Lucy Sprague was a second-year law student at Chicago’s John Marshall Law School when she was murdered. Not realizing that Lucy was at home, a maintenance man hired to do repairs in her building let himself into her apartment with a passkey — “presumably to commit some petty theft,” says Lucy’s brother Zander Sprague, a Castro Valley life coach and motivational speaker. Lucy was 5’4″; the worker stood nearly a foot taller at 6’2″. A convicted felon on parole with a four-page rap sheet, he had spent eight of the last ten years in Joliet State Prison for violent crimes including aggravated assault. “We surmise that they surprised each other in her bedroom and he then strangled her with a leather belt of hers,” Zander tells Apprehension. “He then jumped out her fourth-floor window to a second-floor roof where he fractured his heel.” He told arriving cops that the wind had blown him off a twelfth-story roof, but they found Lucy’s jewelry on him, along with “a monogrammed hand towel,” Zander says. Could any evidence be more incriminating? “The police noticed my sister’s apartment window open and … got suspicious. They then went to her apartment and found her body.” Arrested, the killer hanged himself ten days later in jail. A few days before her murder, Lucy had told her parents over lunch that she had decided to work toward becoming a public defender — “ironically wanting to defend just the sort of person who killed her,” Zander says.
When he first heard that Lucy was dead, he said “a numb feeling spread from my head to my toes. Murder is not a currency that I was even remotely ready to deal in.” Meeting others who had endured similar tragedies inspired him to write a self-help book. Published this year, Making Lemonade: Choosing a Positive Pathway After the Loss of Your Sibling offers dozens of helpful questions for readers to answer, from “What was the funeral like?” to “What have you forgotten about him or her?” to “Is there a song that you play when you want to remember?” This allows them to process their experiences and honor their traumas and their present-day lives while honoring those who are gone. “Readers have a choice,” Zander says, about “how they want or do not want to deal with this loss. By choosing to empower themselves, they define the loss. The loss does not define them.” His family has created a charitable foundation, the Lucy R. Sprague Charisma Fund, as well as a scholarship at her law school for graduates going into public service, as Lucy planned to do. “They make a three-year commitment to do public service and they get $25,000 towards their student loans,” Zander says. “I just presented the eleventh scholarship in May.”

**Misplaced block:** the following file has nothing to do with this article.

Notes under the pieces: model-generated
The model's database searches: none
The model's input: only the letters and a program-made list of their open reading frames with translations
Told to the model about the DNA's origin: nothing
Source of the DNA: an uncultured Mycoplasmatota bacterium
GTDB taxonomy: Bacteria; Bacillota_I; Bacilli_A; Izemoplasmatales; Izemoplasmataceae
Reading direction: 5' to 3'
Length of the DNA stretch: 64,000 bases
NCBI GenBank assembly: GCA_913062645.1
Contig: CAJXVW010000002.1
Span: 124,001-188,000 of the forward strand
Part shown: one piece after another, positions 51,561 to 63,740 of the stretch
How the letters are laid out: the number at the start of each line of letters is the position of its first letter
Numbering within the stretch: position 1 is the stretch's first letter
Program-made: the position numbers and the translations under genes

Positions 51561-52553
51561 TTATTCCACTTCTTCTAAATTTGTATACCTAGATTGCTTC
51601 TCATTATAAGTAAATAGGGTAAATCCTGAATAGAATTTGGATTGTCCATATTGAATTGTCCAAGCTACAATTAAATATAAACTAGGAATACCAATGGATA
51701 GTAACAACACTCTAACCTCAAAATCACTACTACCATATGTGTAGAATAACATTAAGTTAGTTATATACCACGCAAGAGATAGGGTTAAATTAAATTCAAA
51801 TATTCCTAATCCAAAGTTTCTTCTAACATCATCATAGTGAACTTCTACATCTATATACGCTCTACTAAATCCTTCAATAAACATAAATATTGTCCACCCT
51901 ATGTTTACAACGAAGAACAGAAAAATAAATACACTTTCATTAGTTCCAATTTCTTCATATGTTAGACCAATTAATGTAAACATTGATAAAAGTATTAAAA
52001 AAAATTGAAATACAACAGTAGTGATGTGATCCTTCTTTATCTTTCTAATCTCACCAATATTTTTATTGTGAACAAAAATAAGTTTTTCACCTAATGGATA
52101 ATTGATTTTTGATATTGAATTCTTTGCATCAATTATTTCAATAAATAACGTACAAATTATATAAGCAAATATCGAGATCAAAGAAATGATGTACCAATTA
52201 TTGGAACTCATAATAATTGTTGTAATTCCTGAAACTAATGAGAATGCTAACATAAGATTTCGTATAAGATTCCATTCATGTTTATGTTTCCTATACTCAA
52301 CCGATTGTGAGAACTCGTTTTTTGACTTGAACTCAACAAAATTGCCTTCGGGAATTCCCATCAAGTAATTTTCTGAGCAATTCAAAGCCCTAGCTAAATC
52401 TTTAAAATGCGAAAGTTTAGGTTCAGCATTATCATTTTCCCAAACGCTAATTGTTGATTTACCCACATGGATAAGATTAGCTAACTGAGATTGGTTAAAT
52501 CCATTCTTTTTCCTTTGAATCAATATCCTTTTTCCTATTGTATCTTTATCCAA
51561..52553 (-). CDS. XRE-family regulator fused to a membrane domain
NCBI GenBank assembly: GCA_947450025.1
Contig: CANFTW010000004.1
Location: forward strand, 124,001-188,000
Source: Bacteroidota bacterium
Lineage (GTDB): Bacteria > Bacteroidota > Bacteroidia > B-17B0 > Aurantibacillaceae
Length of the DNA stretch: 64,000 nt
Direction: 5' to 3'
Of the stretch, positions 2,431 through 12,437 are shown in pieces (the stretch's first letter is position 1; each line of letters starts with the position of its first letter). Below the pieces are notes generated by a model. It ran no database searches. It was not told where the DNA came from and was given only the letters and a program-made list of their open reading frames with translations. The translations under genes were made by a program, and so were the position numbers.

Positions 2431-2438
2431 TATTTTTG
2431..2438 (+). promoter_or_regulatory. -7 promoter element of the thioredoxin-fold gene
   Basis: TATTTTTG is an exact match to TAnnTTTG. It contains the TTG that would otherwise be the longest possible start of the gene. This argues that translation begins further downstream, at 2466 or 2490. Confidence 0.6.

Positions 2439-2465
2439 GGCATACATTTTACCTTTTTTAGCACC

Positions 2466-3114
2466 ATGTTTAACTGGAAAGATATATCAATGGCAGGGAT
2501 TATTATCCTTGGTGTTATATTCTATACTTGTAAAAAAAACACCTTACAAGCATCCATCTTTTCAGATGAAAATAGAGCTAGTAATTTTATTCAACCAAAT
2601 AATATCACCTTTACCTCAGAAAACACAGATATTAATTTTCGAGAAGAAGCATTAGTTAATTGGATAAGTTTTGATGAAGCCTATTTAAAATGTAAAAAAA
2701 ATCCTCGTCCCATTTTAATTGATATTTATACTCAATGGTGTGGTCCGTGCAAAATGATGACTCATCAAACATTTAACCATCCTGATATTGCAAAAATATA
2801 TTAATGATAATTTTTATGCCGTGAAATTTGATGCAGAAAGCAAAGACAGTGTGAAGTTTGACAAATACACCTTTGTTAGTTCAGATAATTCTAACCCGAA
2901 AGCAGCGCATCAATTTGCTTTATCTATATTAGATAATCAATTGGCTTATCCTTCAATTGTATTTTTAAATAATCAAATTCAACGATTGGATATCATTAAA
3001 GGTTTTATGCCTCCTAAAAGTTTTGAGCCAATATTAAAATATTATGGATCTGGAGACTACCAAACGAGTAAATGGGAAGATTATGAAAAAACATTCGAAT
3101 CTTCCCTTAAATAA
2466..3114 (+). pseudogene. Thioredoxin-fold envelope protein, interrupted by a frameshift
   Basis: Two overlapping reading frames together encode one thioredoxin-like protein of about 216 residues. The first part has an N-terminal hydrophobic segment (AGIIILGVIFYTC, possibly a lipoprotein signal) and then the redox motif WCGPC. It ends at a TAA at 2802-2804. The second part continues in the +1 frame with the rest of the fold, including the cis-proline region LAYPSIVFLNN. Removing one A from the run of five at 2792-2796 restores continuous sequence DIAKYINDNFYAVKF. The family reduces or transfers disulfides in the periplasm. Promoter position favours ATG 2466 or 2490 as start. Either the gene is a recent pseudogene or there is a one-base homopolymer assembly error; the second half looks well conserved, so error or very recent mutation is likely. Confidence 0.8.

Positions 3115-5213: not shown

An elderly Chinese-speaking woman was recently assaulted by the mother of a child she had accidentally hurt at the MacArthur Boulevard Kentucky Fried Chicken, a Laurel District resident reported to her neighborhood-watch group. “My shook-up aunt had a black eye as well as a swollen face,” the niece wrote. While opening the KFC’s door, the aunt “accidentally bumped a little girl. The little girl hurt her finger and started crying. The mother proceeded to immediately beat up my aunt and then took off.” The terrified victim filed a police report in Chinatown, in Chinese. City Councilmember Jean Quan posted a response on the neighborhood list: “For years we have had a hard time getting Asian victims to step forward. In some cases we feel we could have gotten a conviction but without the victim’s participation we often can’t charge. We have asked for specific patrols in the evening in the Laurel and have held Chinese-language meetings with both merchants and residents.” For filing that report, “please thank your aunt for all of us.”
Fear Breeds Fear
After her second son was murdered in Oakland, Ora Knowell realized “that my grandchildren and other children like them were afraid to go to sleep at night, afraid that the killers who killed their parents would come and kill them.” Even so, they wouldn’t talk about their fears. A practiced textile artist, Knowell started doing therapeutic art projects with kids whose fathers had been murdered. The more she met, the more she saw how poor most of them were. “Everyone says education is free,” Knowell tells Apprehension. “Education is not free, believe me.” Going even to public school, even with free lunches provided, still means needing clothes, shoes, pens, paper, backpacks, bus fare, and personal-care items. “I’ve seen kids walking across the stage to graduate with no socks on because they can’t afford socks. Some of these kids don’t even have a tissue to wipe their butts with,” Knowell avows. So she founded the West Oakland Lower Bottom Fatherless Children Foundation, which collects donated school supplies all year for such kids. Knowell is convinced that Oakland’s skyrocketing crime rate is largely the result of fear — that the perpetrators are themselves terrified of life in this city. “They grow up not understanding why violence happened to their loved ones and why no one protected them. These kids see killers walking the streets every day. They think of City Hall as a gang. They view the police as a gang. So they think they need to get into a gang themselves” because they don’t know how else to stay safe, Knowell says. It scares her too, because “they’re our future.” Loss turned her into an activist. “I’ve got my head up and I’m still yelling,” she says. “I’m just an ordinary person who’s lost two sons to gun violence.”